While on the subject of applying for your permits, it is important to consider the weather when planning your elopement or intimate wedding in Mt Rainier. This active volcano creates its own weather conditions due to its massive size and high elevation compared to the surrounding mountain ranges. If sunshine and warm weather is your desire, then the best time to elope at Mt. Rainier is from early July to early September. Definitely keep in mind snow is still present in a lot of places until late August and depending on snowfall, sometimes indefinitely. From mid July to August, this is the timeframe when you are most likely to be treated with the blooming wildflowers in the meadows. If you want a snowy dream, try May or November for your elopement, but definitely be sure to do your research. The winters have powerful impacts on trail conditions, what roads may or may not be open, and in the early season, just because something was accessible two days ago, a big storm can change that quickly. Some areas can be more likely to be affected by these things, so depending how flexible you'd like to be with your plan, it is important to consider this in the winter time.

Other things to consider when planning your wedding day at Mt. Rainier and when applying for your permit directly from the National Park Service Webpage:

Party size determines which locations may be used for wedding ceremonies.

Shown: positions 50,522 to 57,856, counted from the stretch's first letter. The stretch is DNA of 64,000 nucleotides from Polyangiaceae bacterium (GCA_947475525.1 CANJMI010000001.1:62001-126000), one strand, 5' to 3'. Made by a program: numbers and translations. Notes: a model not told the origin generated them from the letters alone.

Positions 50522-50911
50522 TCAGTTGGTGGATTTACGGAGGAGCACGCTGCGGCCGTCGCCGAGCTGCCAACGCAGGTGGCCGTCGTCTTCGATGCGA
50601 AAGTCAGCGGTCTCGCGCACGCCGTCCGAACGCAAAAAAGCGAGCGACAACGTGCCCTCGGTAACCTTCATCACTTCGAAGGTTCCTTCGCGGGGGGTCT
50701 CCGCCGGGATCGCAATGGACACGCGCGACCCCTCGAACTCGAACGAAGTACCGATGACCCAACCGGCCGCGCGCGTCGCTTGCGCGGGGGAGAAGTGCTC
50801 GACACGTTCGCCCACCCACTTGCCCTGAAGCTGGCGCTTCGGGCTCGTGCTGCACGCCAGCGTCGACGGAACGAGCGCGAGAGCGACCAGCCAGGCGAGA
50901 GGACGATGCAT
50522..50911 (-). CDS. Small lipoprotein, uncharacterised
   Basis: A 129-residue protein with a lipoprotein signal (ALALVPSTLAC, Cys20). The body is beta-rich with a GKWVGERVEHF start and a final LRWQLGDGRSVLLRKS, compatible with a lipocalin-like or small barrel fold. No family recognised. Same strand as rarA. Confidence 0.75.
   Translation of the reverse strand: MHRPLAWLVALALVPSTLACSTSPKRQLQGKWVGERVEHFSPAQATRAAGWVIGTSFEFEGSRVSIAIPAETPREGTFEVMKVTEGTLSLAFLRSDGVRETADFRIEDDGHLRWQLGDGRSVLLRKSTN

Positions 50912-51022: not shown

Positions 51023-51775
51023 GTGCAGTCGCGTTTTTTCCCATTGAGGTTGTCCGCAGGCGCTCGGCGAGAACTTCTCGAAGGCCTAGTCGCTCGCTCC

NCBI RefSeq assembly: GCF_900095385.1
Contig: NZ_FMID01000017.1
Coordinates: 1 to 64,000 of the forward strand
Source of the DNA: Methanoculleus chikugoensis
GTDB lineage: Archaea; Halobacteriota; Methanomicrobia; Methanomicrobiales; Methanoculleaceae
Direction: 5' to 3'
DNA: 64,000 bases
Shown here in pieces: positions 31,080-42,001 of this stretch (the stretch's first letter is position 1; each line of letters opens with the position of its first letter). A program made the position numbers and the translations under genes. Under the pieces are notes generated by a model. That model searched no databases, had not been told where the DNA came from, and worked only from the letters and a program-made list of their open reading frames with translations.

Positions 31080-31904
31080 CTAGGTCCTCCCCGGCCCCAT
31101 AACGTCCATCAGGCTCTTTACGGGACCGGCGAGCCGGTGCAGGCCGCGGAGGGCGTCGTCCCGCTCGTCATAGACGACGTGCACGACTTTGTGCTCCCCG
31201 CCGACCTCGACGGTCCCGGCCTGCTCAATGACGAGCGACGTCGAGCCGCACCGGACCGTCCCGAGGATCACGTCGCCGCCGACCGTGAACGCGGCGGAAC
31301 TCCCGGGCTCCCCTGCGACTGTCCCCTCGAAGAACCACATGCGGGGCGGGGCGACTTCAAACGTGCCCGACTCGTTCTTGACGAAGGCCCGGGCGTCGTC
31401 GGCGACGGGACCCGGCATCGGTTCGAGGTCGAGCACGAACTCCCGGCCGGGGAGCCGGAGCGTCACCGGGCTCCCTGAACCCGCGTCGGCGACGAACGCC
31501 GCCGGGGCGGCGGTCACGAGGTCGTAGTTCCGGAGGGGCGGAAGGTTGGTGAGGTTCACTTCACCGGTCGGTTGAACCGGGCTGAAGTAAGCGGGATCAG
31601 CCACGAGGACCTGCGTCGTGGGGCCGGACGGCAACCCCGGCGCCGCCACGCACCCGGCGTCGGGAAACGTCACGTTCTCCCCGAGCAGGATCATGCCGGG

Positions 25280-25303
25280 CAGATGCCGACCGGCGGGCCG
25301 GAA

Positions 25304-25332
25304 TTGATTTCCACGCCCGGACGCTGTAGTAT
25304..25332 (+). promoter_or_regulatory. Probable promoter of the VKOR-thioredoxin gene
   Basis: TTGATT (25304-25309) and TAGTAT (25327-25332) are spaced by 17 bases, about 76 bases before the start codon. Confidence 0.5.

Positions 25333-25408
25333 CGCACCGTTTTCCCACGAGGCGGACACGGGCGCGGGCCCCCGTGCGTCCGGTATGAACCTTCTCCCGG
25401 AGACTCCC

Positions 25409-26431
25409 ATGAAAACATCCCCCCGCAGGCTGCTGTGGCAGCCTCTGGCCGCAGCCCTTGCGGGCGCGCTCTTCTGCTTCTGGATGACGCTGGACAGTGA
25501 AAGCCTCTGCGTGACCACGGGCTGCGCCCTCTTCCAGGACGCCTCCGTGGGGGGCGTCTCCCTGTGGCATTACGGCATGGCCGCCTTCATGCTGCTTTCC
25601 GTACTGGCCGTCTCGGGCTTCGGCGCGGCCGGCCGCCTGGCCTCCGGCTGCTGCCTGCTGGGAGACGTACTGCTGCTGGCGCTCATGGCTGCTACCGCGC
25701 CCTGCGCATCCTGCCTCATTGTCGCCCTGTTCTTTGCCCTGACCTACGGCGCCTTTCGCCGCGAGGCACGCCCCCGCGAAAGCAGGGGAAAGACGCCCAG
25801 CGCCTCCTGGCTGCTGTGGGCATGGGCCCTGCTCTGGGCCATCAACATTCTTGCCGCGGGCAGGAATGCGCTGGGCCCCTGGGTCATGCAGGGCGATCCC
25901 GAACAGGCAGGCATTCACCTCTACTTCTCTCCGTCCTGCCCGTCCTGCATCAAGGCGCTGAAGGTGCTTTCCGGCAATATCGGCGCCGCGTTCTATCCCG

(The park lays out some basic rules to that will guide you down the path of selecting your location, but the park is huge and you may be asking where to say those vows to each other! If you have been to Mount Rainier before, consider trails and spots you’ve hiked that made you feel the happiest, most in awe or most connected. If you have been together, where are some places that were your favorite and you shared great memories together or what are some locations you haven’t hiked to yet, but have always wanted to!? If you have never been, seek advice from your photographer, share with them what you envision and do research on the trails. Consider the time of day, are you willing to set out and get to your ceremony location at sunrise or are you more of a sunset chaser? Just as their names point out the Sunrise area of the park is beautiful at sunrise and vice versa for Sunset point. The National Park rangers are great resources for locations within the park and are plentiful with information as well.)